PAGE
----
2) more relevant to this blog, even if it DOES work, I think that that success is already "priced in"; in other words, real prices are not going to go up a lot more- they may stay the same (under the best case scenario you described), but they are already priced high enough to factor in plenty of long-term success.

    A Redskins fan

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  48. What is the proper multiple of salary to spend on a home. It
    seems the old adage (sp?) of 2 and a half times salary applied when rates were 12%. Shouldn't 3 to 5 times salary be more appropriate today?

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  49. I looked up DC on the census website. From what I understand, the ACS estimates that DC's median income in 2004 was around 46K. So if it is now like 50K, then I think a 500K price floor for Capitol Hill means that a house there should cost 10 times the median income for DC.

    I'm not sure that fits with historical ratios, but I don't know and I may be misunderstanding the data. Best of luck to all who take such risks.

    A Redskins fan

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  50. Houses in Capital Hill were expensive in the '70's too - one I know of was bought for 225k - back then that was a LOT of money. Now probably worth just a bit less than one million (don't know if it would sell for that - but it's not for sale).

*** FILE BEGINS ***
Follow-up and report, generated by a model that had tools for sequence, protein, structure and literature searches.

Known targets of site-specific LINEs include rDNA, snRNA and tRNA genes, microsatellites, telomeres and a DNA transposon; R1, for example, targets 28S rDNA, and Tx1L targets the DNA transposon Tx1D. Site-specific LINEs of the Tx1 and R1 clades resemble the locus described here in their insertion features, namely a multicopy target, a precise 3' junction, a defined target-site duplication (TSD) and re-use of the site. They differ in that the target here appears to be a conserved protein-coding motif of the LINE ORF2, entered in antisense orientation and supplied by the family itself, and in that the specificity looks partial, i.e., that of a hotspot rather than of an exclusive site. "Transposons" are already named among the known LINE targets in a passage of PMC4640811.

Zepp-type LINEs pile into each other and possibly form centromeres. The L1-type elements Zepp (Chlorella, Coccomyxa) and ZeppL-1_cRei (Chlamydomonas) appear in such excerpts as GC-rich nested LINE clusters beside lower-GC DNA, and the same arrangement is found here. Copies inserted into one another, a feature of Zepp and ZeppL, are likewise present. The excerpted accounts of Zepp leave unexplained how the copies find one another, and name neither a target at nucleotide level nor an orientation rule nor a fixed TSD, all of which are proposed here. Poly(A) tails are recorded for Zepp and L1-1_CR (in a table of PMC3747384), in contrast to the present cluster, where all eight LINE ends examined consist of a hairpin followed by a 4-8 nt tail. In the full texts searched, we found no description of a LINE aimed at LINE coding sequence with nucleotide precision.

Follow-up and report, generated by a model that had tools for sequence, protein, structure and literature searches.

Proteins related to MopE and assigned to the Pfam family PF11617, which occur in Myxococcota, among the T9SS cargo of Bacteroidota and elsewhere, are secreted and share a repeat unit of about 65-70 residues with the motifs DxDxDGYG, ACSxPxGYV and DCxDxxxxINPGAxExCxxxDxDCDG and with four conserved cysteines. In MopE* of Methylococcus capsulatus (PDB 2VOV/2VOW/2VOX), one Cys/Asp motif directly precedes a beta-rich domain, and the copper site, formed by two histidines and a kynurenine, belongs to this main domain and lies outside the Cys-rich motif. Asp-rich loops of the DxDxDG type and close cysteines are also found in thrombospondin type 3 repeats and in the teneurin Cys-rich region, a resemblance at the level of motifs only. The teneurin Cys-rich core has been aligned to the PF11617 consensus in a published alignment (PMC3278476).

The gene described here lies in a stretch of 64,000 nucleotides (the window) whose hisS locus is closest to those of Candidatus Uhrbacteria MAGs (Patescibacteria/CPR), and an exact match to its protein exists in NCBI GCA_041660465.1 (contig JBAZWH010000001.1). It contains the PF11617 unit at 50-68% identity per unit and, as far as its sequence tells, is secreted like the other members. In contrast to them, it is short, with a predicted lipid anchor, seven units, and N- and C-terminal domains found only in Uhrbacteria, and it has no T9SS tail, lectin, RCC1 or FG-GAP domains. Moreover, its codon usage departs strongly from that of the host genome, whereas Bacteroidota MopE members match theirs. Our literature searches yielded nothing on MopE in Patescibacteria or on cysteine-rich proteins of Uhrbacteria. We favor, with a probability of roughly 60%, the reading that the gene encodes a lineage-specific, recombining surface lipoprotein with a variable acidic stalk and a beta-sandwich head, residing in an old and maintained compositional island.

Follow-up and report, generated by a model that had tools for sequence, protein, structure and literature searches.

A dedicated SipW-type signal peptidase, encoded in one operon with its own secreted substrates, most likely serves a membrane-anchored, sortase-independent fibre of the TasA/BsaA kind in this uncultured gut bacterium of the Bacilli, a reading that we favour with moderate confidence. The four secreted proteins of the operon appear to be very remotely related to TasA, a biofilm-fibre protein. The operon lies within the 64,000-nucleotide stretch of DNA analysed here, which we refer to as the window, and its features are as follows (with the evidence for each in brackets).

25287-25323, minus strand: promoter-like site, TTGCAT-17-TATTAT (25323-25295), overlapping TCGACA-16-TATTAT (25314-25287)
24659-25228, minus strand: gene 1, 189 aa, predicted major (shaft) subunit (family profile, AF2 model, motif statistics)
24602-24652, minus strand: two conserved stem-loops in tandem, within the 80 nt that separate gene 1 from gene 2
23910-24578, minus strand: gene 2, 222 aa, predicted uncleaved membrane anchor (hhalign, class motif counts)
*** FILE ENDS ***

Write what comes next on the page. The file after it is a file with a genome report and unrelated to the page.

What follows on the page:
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  51. "SS is a decent enough area, but Dupont or Bethesda it ain't. God Himself couldn't sell all the units that will be opening up here in the next year or so."

    I understand this condo is a joke and seriously overpriced (in any location) but besides that I understand Silver Spring doesn't paint the best picture in most peoples minds when they think about it, but what makes Bethesda or DuPont Circle so much better? There is no AFI, MARC, Intercity buses etc in those places, why are they leaps and bounds better than Silver Spring? What gets you so distraught when you think about Silver Spring? Could it simply all be just perception?

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  52. Former ResidentJune 06, 2006 11:55 AM

    I was once a former resident of Springwood Apartments (now MICA Condos), and the things McWilliams Ballard put us through in the six months prior to my wife and I finally ridding ourselves of that horrible place are hard to describe. In short, it was like living in a construction site. Elderly residents had no place to sit down in the lobby due to the furniture being removed. The residents had to continually put up with 2-3 day water outages at least twice a month for the better part of three months, and the dust and debris from the construction resulted in respiratory problems for a portion of what was once our community. The building never stunk beforehand, and although admittedly not the nicest place you could imagine, it was fantastic for both its location and friendly atmosphere. Before McWilliams Ballard and MICA Condos bastardized the place in the name of trying to capitalize on the condo boom (which has since gone bust - my wife and I drove by there the other night, and it seems 100% vacant), it was quite a catch amid other high-priced apartments.